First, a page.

Shelter of Leaves
Barnes & Noble
Published by: She Writes Press
Release Date: August 9, 2016
On Memorial Day, a series of bomb explosions shuts down major cities across the US. Her apartment in ruins, Sabine flees Washington DC and begins a grueling journey on foot that brings her to West Virginia, where she finds safety at an abandoned farmhouse with other refugees.
For Sabine, family is a vague memory—she can’t even remember her last name. Without an identity, she hides—although thirty-five, she pretends to be twenty-eight, even to the refugee she falls in love with. But Sabine wants to recover her identity. Despite gangs, bombings, riots, and spreading disease, she longs to return to a family she has begun to recall—parents and brothers. Are they alive, surviving, in hiding as she is? Do they await news, and hope to reconcile? Even in harrowing times, Sabine’s desires to belong and to be loved pull her away from shelter.Add on Goodreads
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The last thing Sabine remembered was a flash coming through the window and a shudder like colliding subway cars. She woke sprawled on the floor, unsure where she was. She stumbled to the window. Buildings across the street swayed and her apartment building shook. She ran from room to room, avoiding flying glass, yelling. “Go, go, get out before the building collapses!”
At her bedroom door she froze. A backpack hung on the doorknob. As if from a great distance, she watched her hand pick up the backpack, toss in some clothes, then stash notebooks, cell phone, and wallet into the pack’s side pockets. She grabbed her jacket and favorite shawl from the closet and sprinted down the hall past the elevators. She lurched for the stairway exit, took the stairs two at a time, and burst out the front door. Against the building she caught her breath; her head pounded and her legs wobbled.
A body splayed across the bottom step. Shreds of green cloth came into focus, hanging from a charred leg. Half of the man’s cranium was missing. The mess of skull, pink matter, and blood made Sabine turn away. A dark green uniform with gold braiding: it was the doorman’s. Samuel. Yesterday he’d told her all about taking his aging dog to the vet and they’d reminisced about pets they’d owned as children. Samuel.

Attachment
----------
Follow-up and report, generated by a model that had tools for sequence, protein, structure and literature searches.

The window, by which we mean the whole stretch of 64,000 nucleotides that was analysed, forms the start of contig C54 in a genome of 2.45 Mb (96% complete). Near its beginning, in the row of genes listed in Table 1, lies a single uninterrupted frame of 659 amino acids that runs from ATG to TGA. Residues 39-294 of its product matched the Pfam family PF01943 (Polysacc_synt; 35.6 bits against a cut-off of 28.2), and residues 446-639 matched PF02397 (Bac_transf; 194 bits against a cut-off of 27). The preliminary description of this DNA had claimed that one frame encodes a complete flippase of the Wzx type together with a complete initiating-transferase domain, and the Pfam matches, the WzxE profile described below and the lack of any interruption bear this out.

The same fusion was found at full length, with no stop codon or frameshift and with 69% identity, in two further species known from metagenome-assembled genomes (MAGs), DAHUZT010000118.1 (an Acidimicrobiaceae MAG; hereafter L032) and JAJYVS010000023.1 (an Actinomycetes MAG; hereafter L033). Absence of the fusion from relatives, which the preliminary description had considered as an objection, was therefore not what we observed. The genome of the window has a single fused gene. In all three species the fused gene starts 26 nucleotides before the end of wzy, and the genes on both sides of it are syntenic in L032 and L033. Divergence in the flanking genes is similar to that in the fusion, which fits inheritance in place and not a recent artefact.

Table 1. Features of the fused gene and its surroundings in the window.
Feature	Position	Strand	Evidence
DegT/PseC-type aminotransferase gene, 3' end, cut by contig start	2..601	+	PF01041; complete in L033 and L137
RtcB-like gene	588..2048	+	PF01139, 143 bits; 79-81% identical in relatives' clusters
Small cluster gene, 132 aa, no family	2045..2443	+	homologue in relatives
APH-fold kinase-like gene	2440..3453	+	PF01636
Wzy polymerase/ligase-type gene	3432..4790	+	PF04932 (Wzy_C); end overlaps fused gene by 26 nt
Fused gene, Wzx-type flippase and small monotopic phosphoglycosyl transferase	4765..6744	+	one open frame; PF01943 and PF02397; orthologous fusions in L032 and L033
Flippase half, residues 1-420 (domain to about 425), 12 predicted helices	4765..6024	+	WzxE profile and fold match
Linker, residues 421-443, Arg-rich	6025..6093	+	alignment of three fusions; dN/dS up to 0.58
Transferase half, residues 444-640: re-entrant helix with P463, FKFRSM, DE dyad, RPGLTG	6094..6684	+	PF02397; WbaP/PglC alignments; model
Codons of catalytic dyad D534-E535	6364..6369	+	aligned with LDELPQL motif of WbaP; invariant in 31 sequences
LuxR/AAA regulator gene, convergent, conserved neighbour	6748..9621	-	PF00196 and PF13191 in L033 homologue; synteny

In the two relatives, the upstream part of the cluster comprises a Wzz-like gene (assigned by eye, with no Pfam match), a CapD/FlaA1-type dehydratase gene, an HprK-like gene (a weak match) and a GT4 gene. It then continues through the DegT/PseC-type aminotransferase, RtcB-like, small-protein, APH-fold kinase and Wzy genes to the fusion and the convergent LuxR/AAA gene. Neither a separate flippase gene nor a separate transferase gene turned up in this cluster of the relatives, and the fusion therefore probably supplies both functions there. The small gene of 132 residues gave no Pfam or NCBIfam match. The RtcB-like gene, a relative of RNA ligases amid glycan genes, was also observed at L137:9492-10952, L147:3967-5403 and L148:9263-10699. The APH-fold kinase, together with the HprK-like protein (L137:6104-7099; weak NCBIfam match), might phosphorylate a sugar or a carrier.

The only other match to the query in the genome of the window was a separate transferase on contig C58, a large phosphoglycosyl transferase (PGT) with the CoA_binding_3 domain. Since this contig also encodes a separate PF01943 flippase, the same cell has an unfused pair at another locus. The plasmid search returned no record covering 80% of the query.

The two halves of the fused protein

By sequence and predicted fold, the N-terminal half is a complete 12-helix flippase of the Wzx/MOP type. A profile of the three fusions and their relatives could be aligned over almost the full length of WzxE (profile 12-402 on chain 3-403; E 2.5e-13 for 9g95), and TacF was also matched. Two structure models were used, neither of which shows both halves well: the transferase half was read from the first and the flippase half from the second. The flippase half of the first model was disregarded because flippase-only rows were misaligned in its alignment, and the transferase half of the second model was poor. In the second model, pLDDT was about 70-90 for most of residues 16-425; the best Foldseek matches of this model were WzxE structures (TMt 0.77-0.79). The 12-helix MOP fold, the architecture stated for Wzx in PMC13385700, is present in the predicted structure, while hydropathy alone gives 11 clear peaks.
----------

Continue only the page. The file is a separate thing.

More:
She moved closer to his body and searched for something to hold on to, besides his kindness—always smiling, and opening and closing doors for others. She found it in his curled hands. Good-bye, Samuel.
Crumbling buildings. An assault of smoke and sirens. Burnt bodies sprawled on the sidewalk. A white van burned and rocked furiously, a dance of smoke and flames. Across the street a young woman leaned against a building, clutching her entrails, sliding sideways. Sabine staggered through a maze of scorched cars spewing the stench of oil and coolant, the poisoned air of batteries and tires. The reek of gasoline.
She stayed in the street to avoid falling debris. Drowned in panic, she wanted to move fast but couldn’t think with the screams of ambulances and fire engines. West could be the safer direction. East might mean people squeezing onto a margin of coastal land, the beach and the ocean thick with drowned people, sluggish waves rolling corpses onto fetid sand. Please don’t let me be the sole person left alive. Samuel’s gone. What a nice man. She would never know what happened to his dog, his only family. She wondered about her family. Did she have a family?